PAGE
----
Building an online site that your customers simply love comes down to two main factors – hard work and understanding customer psychology. Knowing different types of customers, their preferences, how and how often they browse your site or analysing what works best for your site are something essential before you design your eCommerce website. Ask yourself – what if a few design tweaks could lead to better conversions? Undoubtedly, it can be a huge boon to the business. However, people still make tons of mistakes when it comes to designing their online site.
Check whether you are making these mistakes while designing your eCommerce site. It is better to take the following advice into consideration before embarking on a new project.
Too many or one option
Imagine a homepage showing everything- from cooking utensils, apparels, toiletries to novels. Aren’t that too many options for a customer? They can paralyze your buyers and create stress for them. Similarly, showcasing only one feature of a particular product can leave the customer baffled about whether to buy the product or not.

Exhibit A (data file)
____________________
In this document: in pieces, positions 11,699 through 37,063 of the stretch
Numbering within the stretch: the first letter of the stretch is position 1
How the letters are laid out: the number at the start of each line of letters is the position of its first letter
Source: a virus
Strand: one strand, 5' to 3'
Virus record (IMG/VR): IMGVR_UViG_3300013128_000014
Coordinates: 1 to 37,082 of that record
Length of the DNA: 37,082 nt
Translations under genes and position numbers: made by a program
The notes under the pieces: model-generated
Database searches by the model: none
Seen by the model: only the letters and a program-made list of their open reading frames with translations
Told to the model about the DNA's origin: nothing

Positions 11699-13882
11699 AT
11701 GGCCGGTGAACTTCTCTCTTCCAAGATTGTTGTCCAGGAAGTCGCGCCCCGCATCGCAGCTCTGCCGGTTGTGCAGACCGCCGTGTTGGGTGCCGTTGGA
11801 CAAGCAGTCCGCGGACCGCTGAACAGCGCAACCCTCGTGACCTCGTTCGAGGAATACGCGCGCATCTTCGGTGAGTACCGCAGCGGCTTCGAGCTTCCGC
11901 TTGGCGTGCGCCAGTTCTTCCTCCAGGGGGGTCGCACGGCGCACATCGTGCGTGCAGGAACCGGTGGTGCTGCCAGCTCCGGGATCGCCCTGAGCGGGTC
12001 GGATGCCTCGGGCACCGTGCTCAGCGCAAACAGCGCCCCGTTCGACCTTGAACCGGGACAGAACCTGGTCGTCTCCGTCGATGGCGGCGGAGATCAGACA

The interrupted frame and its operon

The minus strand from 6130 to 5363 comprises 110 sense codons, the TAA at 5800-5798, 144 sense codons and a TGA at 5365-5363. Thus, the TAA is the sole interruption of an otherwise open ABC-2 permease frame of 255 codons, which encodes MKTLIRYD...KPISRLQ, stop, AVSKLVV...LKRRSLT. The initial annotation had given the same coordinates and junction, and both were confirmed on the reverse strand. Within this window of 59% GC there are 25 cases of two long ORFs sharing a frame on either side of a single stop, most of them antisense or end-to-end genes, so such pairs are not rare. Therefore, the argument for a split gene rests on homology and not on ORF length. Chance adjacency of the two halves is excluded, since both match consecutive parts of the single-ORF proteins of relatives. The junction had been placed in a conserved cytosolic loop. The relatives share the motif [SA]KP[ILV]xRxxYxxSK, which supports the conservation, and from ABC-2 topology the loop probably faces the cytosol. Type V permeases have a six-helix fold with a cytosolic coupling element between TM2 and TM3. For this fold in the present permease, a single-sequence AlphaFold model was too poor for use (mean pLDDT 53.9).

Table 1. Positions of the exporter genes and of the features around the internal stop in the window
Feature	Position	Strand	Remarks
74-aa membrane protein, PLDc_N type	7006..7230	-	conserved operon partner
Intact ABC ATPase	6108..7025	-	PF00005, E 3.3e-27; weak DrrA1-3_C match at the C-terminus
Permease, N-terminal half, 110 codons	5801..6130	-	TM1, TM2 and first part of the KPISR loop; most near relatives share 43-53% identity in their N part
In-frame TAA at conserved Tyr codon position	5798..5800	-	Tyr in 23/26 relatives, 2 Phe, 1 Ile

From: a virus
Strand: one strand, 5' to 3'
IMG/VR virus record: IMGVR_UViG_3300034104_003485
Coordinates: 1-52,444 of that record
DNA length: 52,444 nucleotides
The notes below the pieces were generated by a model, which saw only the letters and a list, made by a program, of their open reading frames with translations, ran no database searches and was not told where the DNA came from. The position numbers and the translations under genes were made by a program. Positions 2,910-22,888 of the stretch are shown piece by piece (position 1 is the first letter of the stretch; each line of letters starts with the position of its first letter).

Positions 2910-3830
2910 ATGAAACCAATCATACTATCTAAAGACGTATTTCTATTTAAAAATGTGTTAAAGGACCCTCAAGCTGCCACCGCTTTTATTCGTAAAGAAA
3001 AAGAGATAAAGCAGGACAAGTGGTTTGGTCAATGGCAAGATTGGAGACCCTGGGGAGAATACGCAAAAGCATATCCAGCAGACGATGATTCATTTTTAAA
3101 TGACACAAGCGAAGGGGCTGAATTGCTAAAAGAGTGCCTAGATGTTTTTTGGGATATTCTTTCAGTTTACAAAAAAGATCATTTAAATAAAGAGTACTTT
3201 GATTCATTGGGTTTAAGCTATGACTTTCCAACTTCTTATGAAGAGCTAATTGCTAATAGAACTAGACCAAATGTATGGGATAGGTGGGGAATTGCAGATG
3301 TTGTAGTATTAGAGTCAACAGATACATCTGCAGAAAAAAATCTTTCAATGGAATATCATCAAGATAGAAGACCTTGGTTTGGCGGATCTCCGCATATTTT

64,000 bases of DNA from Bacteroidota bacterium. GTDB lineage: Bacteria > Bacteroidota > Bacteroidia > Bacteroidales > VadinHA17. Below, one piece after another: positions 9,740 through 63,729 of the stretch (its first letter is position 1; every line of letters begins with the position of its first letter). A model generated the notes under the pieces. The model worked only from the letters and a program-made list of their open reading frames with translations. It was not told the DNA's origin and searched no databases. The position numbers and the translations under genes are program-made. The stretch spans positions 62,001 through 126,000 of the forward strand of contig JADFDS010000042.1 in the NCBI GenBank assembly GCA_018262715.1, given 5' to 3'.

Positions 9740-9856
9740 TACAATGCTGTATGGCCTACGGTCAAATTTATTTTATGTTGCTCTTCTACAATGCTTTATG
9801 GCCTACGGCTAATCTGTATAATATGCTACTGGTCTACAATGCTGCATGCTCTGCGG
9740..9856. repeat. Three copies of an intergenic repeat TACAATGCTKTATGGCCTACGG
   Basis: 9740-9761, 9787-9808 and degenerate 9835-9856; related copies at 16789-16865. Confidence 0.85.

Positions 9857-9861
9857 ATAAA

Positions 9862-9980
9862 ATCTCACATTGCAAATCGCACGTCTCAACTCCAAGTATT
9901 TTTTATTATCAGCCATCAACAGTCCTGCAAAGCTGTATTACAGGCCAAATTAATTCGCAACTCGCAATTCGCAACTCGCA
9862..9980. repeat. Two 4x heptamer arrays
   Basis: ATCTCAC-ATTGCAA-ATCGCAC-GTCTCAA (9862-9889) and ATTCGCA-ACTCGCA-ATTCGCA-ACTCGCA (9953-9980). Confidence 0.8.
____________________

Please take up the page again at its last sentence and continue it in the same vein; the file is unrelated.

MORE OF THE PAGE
Give customers the option to filter your products. Allow them to narrow down the search. Instead of making them scroll through dozens of items that don’t fit their needs, let them drill down to the products they love. Moreover the detail shots of specific features of one particular image including the front, back and sides can go a long way towards making a viewer buy from you.
Lack of product description or duplicate description
Customers have the liberty to see, touch and feel a product as well as read the product information on the packaging or labels when they’re shopping from a brick-and-mortar store. However, online shopping lacks this interaction. Moreover, there are a few retailers who still use the default description for their products. From Google’s algorithm perspective, this is a deadly practice. Duplicate content can dramatically impact the organic search ranking.
Therefore, provide as much product information as you can. The information may include the size, weight, fabric, length or dimension of a product. Spend time and resources to write unique and engaging product description. Good content engage your customers and prospects.
Non-existence of value proposition